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Premature Oscar Predictions: The 2016 Best Actress Contenders

Premature Oscar Predictions: The 2016 Best Actress Contenders

The good news: last year’s Oscar season is over. The bad news? This year’s Oscar season has begun. Obviously, this doesn’t mean you have weeks of Q&As and gaudy pull-quote ads to process, but by this time last year, “Whiplash,” “Grand Budapest Hotel” and “Boyhood,” three of this year’s big winners, had already premiered. And you can bet that publicists and executives have already started planning their campaigns for the next season, even when the films are only just entering production.

And as we’ve done for the past few years, we’re exorcising our demons and spending the week running down some of the premature possibilities for films that have been released so far that seem at a distance like they could have the right stuff for Oscar gold.

Having looked at Best Picture and Best Actor already, we now turn our attention to Best Actress. Last year’s possibilities were deemed to be a thin field, but only because the Academy overlooked performances like Scarlett Johansson in “Under The Skin,” to name but one. Instead, there were so few alternatives acceptable to the Academy that they nominated, in Marion Cotillard, the kind of performance that they’re never meant to do. Few saw the eventual winner, Julianne Moore in “Still Alice,” coming from a distance, but once it was unveiled, the film dominated the precursors. There’s obviously a long, long way to go, and it’s still a thinner field than the men, mainly because female leads are still harder to find, but it looks like the 2016 race should be a more competitive one. Take a look at our guesses below, and let us know who you’re predicting at this point.

Best Actress

Jennifer Lawrence — “Joy”
She’ll be only twenty-five by the time next year’s Oscars ceremony takes place, but there’s a remarkably good chance that Jennifer Lawrence could earn her fourth Oscar nomination, and even her second award. The star (who’ll have also completed “The Hunger Games” franchise by the end of the year) has teamed for a third time with “Silver Linings Playbook” and “American Hustle” director David O. Russell for “Joy,” a biopic of the inventor of the Miracle Mop (and a Shopping Channel stalwart). The director and actress are a potent team, with Lawrence earning nominations for both of her prior supporting performances in Russell’s films. This is the first time she’s the solo lead, so there’s every reason to expect big things.

Naomi Watts — “Demolition”
Naomi Watts has to be one of the most talented actresses around who has yet to actually win an Oscar. In fact, she’s only been nominated twice: for “21 Grams” and “The Impossible.” But could she end up pulling a Kate Winslet in 2016, by picking up nods in both Supporting and Lead? Gus Van Sant’s “Sea Of Trees” provides the most obvious possibility in the latter, and assuming she doesn’t campaign against herself, that means she’s likely to go lead for Jean-Marc Vallée’s “Demolition,” in which she plays a woman who strikes up a relationship with Jake Gyllenhaal’s grief-stricken banker. It sounds like the kind of role that Watts has done before, but Vallée’s an actor’s director, and the Australian actress always kills it. Could this be her year?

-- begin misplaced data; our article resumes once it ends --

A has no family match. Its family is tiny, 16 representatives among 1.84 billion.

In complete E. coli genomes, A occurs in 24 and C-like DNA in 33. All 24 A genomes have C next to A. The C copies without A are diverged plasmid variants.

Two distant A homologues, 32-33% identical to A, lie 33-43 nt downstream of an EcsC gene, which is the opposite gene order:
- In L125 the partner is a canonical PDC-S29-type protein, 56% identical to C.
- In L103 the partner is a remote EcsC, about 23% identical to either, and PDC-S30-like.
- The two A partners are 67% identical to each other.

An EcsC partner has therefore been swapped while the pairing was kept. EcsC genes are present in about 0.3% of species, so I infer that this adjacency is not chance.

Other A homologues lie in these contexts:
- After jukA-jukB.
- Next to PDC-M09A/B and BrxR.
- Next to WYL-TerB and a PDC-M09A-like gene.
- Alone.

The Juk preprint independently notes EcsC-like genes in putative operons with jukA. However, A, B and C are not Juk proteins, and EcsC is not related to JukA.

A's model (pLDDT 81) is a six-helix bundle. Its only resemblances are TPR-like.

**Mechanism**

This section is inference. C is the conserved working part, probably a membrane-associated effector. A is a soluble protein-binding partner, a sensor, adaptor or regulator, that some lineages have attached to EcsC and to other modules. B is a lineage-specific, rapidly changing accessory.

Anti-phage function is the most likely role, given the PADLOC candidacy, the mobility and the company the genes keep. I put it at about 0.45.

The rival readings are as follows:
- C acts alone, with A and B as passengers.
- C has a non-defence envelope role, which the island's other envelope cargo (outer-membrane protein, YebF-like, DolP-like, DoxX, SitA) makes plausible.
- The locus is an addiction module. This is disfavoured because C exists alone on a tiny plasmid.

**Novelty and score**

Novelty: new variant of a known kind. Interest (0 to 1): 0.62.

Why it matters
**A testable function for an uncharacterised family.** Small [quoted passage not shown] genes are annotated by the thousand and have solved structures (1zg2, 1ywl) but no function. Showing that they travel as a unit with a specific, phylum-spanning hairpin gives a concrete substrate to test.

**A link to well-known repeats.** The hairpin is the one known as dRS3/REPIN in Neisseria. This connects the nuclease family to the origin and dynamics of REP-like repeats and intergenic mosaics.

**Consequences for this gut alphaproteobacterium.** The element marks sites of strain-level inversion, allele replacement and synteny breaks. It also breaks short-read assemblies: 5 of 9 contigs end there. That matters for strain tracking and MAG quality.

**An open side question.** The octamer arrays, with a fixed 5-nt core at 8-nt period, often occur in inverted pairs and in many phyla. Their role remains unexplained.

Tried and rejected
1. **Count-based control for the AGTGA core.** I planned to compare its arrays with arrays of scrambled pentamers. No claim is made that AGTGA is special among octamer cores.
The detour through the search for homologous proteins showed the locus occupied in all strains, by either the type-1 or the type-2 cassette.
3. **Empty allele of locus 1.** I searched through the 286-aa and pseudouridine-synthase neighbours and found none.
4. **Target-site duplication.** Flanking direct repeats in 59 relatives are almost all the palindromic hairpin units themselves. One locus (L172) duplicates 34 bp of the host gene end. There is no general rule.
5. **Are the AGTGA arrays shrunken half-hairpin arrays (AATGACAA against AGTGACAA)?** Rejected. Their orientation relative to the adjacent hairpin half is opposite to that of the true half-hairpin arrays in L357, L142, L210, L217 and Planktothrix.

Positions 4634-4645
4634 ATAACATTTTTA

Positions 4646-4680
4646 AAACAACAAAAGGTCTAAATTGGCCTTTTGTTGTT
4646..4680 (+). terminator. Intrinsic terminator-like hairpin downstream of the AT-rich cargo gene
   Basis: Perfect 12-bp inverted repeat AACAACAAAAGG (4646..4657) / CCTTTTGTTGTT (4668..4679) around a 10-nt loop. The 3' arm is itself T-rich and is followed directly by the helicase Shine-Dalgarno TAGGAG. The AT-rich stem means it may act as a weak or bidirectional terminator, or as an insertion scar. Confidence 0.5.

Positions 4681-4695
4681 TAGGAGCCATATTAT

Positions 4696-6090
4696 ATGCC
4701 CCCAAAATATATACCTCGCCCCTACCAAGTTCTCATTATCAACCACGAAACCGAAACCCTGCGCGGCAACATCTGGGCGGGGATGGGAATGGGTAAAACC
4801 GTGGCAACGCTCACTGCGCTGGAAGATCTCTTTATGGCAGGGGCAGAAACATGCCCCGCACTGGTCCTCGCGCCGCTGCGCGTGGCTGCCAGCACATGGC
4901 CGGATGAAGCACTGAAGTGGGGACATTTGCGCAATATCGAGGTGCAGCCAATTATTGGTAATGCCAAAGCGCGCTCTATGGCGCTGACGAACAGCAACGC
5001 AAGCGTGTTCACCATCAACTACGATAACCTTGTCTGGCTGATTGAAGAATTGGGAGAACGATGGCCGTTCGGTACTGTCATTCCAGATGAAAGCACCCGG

Cate Blanchett — “Carol”
Speaking of Australian actresses, there’s Cate Blanchett, who unlike Watts has had plenty of recognition before now: six total nominations (two at the 2008 ceremony alone), and two Oscars, for “The Aviator” and “Blue Jasmine.” Could she make a run at a third this year, pulling even with her greatest-living-actress rival Meryl Streep? Blanchett’s playing the title role in “Carol,” the new drama from Todd Haynes, and while Rooney Mara’s technically the lead, we’re likely to see a “Foxcatcher”-type situation, with Blanchett taking first position for her part as a repressed housewife who begins an affair with Mara’s character. The last collaboration between Blanchett and Haynes saw a nod resulting (for “I’m Not There”), and with The Weinstein Company behind this one too, we wouldn’t be remotely surprised to see another, even if it’s a competitive year.

Alicia Vikander — “Tulip Fever”/”The Danish Girl”/”The Light Between Oceans”    

Perhaps the only person to make Jessica Chastain look lazy, 26-year-old Swedish actress Alicia Vikander has nine films due for release this year. That’s a pretty remarkable feat, even if some of them are “Son Of A Gun” or “The Seventh Son,” but it should get even more impressive around awards season, where Vikander’s likely to become inescapable. Too little’s known about Justin Chadwick’s long-gestating period drama “Tulip Fever,” to know if it has a chance, though The Weinstein Company are behind it, so it’s a potential beast. But beyond that, she’s also the female lead in both Derek Cianfrance’s “The Light Between Oceans,” opposite Michael Fassbender, and in Tom Hooper’s “The Danish Girl,” with Eddie Redmayne. Her role in the latter, of artist Gerda Wegener, has been linked over the years to Charlize Theron, Gwyneth Paltrow, Marion Cotillard and Rachel Weisz, among others, so it’s clearly a meaty one. That would seem to be the front-runner for where Vikander will put her support behind, but don’t rule out the other two possibilities. (Frankly, she’s deserving for “Testament Of Youth” and “Ex Machina” as well, but let’s not over-complicate things…)

Saoirse Ronan — “Brooklyn”
She was nominated for her breakthrough role in “Atonement,” but we haven’t seen Saoirse Ronan up for an Oscar since. This seems pretty likely to change given the buzz around her turn in “Brooklyn.” John Crowley’s adaptation of Colm Toibin’s book is carried almost entirely on the shoulders of the young Irish actress, and she nails it. As our Sundance review said, “not enough good things can be said about Saoirse Ronan in this film and she’s outstanding, crushing scenes about her romantic conflicts, reflections on the past, and turbulent worries about the future.” Fox Searchlight snapped the movie up and clearly have awards in mind, slotting the movie for a November release date.

The Next 5:

Brie Larson — “Room”